• Cough 15% more likely to die at the weekends.
  • Cough just Google the rash
  • Ahem Stroke care is rubbish at the weekend

Did I miss any? The only one here damaging the NHS, and generally causing harm to patients is Mr Hunt (and his press team). How many people has Hunt’s pronouncements killed?

At what point on the Shipman scale of “Accidental Deaths” will Hunt start to feel regret? (1-100 scale, a “full shipman” is 208 deaths)

The outline of his goals:

Here are a number of bullet points that explain in nice general hand wavey terms what everyone wants: decent conditions.

However, as the national lottery said to the Grandma Its all about the details love.

Significant safeguards would be introduced to prevent excessive hours being worked and to prevent excessive consecutive days/evenings/nights to be worked;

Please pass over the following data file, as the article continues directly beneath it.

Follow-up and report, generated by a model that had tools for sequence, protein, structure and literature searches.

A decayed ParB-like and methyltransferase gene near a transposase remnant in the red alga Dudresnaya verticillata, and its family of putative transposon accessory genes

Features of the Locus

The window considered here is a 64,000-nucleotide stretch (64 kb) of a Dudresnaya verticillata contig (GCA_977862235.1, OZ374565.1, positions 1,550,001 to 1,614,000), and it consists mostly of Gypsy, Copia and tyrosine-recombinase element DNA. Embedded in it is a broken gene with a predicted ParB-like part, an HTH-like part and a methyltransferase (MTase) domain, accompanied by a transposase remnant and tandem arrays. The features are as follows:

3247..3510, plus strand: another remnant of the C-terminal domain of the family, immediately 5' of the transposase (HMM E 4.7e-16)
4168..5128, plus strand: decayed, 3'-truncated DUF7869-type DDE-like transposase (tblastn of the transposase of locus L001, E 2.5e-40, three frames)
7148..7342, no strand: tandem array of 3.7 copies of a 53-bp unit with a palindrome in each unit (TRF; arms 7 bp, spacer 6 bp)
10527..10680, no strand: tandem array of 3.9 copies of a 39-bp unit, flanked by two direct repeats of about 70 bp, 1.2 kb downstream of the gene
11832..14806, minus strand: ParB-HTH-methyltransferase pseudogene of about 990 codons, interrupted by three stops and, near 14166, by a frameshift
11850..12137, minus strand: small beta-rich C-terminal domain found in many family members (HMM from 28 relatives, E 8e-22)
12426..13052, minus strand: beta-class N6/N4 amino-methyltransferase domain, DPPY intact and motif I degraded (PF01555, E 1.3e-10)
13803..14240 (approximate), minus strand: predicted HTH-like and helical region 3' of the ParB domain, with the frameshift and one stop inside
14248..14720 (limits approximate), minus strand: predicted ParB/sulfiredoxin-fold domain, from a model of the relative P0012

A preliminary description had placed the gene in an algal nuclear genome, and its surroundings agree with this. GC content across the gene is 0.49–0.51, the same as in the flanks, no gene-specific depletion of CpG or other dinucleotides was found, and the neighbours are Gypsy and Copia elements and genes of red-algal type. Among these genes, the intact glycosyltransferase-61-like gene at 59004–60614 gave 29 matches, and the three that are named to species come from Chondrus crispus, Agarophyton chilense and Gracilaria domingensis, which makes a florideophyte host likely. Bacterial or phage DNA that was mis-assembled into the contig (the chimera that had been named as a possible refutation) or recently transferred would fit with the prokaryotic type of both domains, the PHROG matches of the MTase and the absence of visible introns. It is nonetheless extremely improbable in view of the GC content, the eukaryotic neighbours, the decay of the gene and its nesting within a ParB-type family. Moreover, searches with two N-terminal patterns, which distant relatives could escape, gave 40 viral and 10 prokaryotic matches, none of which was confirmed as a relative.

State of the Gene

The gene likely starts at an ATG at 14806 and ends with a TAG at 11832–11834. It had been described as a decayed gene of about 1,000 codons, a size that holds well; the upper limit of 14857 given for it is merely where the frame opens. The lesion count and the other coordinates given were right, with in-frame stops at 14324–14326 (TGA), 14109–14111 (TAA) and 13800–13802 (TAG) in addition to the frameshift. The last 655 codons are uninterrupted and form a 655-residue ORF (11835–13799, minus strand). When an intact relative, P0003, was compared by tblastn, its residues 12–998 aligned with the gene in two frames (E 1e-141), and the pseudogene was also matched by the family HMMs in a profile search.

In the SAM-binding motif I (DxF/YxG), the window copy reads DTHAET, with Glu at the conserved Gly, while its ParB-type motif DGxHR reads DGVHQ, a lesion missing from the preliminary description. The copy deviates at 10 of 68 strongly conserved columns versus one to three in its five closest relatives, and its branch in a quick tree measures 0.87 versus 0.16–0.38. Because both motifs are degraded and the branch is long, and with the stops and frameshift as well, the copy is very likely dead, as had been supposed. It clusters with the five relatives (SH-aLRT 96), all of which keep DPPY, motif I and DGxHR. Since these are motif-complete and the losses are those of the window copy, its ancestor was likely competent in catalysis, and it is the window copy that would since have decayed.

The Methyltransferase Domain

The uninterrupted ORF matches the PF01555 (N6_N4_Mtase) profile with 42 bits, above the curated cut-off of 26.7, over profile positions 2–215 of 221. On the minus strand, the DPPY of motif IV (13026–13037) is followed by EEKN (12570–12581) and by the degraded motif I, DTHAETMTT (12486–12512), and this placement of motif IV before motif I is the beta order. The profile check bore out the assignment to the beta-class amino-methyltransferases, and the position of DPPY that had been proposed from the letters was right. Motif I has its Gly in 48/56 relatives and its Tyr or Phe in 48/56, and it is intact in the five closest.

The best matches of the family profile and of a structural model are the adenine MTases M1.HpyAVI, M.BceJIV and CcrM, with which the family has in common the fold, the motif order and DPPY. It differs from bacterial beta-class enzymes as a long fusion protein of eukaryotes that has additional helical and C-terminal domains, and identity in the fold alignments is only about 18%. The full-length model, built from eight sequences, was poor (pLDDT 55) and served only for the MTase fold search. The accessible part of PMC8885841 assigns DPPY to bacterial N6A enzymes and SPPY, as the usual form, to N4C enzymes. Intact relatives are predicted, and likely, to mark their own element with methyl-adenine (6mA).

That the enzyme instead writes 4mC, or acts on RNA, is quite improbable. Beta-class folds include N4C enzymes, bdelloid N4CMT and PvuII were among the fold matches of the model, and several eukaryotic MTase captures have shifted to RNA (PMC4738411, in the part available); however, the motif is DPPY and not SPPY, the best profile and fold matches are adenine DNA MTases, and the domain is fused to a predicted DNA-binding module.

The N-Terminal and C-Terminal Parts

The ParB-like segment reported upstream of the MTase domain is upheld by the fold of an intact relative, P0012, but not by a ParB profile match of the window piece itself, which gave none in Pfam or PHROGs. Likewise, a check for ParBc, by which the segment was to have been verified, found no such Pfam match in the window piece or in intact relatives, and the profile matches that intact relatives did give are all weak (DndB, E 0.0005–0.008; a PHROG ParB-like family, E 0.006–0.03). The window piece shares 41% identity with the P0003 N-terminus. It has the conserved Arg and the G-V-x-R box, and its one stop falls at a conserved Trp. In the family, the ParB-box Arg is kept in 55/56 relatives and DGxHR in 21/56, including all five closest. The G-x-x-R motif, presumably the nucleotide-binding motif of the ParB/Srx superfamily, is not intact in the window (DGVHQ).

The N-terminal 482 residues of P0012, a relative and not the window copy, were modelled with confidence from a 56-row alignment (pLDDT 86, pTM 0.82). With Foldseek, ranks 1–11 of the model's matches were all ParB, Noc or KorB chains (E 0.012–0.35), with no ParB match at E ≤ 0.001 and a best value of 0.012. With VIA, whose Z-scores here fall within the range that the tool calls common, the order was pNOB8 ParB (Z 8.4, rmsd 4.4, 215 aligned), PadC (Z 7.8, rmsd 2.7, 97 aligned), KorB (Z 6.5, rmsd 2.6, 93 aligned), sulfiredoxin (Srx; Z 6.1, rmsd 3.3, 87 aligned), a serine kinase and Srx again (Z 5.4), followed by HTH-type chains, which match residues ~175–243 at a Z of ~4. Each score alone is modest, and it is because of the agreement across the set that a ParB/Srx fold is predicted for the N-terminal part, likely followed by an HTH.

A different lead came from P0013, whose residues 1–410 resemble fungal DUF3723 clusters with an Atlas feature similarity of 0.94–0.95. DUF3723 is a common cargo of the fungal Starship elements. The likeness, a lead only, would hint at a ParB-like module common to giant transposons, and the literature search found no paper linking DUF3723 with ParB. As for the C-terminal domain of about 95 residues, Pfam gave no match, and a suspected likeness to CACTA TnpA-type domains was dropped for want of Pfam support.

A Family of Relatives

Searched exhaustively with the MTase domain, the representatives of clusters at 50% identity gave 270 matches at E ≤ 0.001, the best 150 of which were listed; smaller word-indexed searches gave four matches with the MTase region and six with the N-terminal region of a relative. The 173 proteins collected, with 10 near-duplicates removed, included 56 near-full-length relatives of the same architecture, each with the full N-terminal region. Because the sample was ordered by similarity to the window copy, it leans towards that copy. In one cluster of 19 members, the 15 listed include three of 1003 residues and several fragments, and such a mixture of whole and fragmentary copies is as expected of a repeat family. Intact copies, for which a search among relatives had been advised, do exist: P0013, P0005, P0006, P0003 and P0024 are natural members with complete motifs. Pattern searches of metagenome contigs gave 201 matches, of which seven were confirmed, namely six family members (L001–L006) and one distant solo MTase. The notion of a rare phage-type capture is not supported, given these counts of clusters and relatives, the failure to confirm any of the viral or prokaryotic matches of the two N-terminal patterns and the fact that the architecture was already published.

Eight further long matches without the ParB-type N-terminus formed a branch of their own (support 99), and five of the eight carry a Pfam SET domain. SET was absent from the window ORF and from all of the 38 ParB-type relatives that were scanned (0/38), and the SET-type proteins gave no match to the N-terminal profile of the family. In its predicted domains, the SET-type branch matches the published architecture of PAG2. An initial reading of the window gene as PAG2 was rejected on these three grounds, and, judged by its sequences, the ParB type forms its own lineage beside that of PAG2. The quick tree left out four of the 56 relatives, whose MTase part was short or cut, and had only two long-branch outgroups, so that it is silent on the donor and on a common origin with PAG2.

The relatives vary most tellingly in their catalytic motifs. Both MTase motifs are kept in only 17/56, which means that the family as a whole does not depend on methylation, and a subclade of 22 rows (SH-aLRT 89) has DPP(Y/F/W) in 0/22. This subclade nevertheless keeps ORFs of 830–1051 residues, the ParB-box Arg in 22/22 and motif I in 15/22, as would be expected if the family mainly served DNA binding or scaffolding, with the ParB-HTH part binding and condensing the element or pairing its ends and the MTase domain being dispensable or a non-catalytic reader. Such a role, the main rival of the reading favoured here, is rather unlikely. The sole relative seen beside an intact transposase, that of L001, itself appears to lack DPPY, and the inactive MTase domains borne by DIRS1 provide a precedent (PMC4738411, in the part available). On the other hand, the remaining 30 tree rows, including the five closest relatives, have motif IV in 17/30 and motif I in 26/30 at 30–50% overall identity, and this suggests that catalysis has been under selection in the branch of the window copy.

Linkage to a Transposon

“Would” is a rather odd, passive verb to use in this sort of letter. We’ll see later that actually “Significant” means fines going to the very trusts that were causing the breach.

it would pay trainees for both the level of responsibility and for every hour worked, including occasions when shifts overrun;

Well no. It would only do that if doctors clocked in and out of each shift, and were paid by the hour. You see Doctors are on salaries. So it doesn’t matter how many hours you actually work, you’ll still get paid for doing 48 on average. Unless you request hours monitoring, and enough of you lazy arses filled in the paper work.

for existing trainees, in three-quarters of cases, during the period of training, the level of pay would increase, and no trainee would experience a pay cut;

But yet you don’t release a sample banding/pay scale system. So we just have to swallow that ejaculate sight unseen. If it’s so good, show us the evidence young man. Also is that total pay? because the spec of negotiation says no “overall increase in pay envelope”.